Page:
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Dublin: 13°C Wednesday 18 May 2022

Vicky Phelan receives honorary doctorate from University of Limerick

Phelan said she plans to fund a person to provide cancer patients with access to the latest cancer drug therapies.

Vicky Phelan today
Vicky Phelan today
Image: True Media

THERE WERE TEARS today after Vicky Phelan was awarded an honorary doctorate by the University of Limerick.

She received a false negative test after she went for a cervical smear test in 2011. Three years later she was diagnosed with cancer. Last January, she was informed she had months to live.

Last April, Vicky Phelan was awarded €2.5m in damages in the High Court over the error. Her telling her story publicly led to the CervicalCheck scandal, which involves 209 women.

Speaking ahead of the ceremony today, Phelan said: “I loved my time as a student in University of Limerick and that is where I began my professional career: I never anticipated then that I would be presented with an honorary doctorate by the university. It is an honour for me and one I am delighted to accept.”

UL president Dr Des Fitzgerald praised Vicky for her selfless commitment to public service, describing her as an inspiration to students, staff and the wider university community.

“Here at University of Limerick, we aim to instil in our students the ability to reason, to solve problems, to participate as citizens, to play their part in the social and political life of this country. The conferring of a UL honorary degree embraces these ideals. It has been awarded to just a small number of women to date, including: the former President of Ireland, Mary Robinson; Adi Roche and Ali Hewson, for their contribution to volunteerism; and, to Catherine Day for her leadership in the European Commission, to name a few,” he said.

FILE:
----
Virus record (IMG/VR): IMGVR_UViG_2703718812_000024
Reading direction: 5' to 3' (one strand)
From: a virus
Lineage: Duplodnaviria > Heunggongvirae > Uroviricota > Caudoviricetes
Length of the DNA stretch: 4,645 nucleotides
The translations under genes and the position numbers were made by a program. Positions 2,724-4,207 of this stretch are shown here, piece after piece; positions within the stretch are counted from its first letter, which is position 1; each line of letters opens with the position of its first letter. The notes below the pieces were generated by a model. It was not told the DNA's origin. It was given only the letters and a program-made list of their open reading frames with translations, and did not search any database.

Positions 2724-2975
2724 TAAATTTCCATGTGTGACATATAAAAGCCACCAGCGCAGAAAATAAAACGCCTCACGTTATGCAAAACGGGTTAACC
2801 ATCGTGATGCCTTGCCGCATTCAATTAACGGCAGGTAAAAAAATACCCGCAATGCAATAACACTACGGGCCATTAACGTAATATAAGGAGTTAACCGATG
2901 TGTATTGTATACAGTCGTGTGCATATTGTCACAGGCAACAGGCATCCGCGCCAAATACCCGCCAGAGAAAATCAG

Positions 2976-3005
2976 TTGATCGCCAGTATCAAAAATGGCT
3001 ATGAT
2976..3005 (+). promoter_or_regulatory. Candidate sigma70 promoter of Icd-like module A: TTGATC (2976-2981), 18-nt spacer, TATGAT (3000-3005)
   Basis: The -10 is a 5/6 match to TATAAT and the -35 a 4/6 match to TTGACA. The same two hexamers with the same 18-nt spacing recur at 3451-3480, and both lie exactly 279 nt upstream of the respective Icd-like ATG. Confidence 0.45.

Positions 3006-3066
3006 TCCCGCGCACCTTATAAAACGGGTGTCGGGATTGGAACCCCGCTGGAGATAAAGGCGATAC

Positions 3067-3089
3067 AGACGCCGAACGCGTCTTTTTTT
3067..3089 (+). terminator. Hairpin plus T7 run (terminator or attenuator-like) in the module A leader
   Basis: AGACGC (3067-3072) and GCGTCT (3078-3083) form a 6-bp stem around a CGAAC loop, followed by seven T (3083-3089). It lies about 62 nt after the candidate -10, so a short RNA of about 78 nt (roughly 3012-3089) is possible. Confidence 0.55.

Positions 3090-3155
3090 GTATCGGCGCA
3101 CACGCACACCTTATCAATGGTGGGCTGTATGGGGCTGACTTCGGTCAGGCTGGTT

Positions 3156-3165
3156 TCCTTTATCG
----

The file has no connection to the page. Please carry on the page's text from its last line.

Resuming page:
“Vicky Phelan has had a major impact on people’s lives in this most difficult and precious time in her own. Through her courage, commitment and exceptional communication skills, she is highlighting a major issue in the Irish healthcare system. During all of this, Vicky has encouraged the women of Ireland to have faith and to continue participating in the cervical screening programme. She is an inspiration to our students, our staff and our community, she has brought great honour to the university, and for this we have awarded Vicky Phelan an Honorary Doctor of Letters,” Dr Fitzgerald continued.

After the ceremony Vicky Phelan also told reporters she plans to fund a person to be employed in a cancer care centre to provide patients with access to the latest groundbreaking drug therapies.

She said she is personally willing to fund such position to “shame” the government into following her lead and provide for similar positions on a nationwide scale.

“One of the things I want to see happening is that I would hope to try to fund a position, and that one position would lead to another, so I’m willing to do that. I think that if I got the ball rolling, it would be a goodwill gesture on my part, to again shame [the government] into doing it,” Phelan told reporters at the University of Limerick (UL) today.

The mother of two has discussed her plans with Minister for Health, Simon Harris, and the idea is in its “early stages”.

“If you’re given a terminal diagnosis, you should be sent to [such a] person, because the oncologists don’t do it - it’s not part of their remit,” she added.

Phelan said she was “given no hope” when she received her terminal cancer diagnosis.

There should be somebody you can go to who will help you to look up clinical trials or alternative drugs, because it’s not fair to give people no hope, and expect them to go home and accept that that’s your lot.

“If I had done that I wouldn’t be here,” she added.

Tumours have shrunk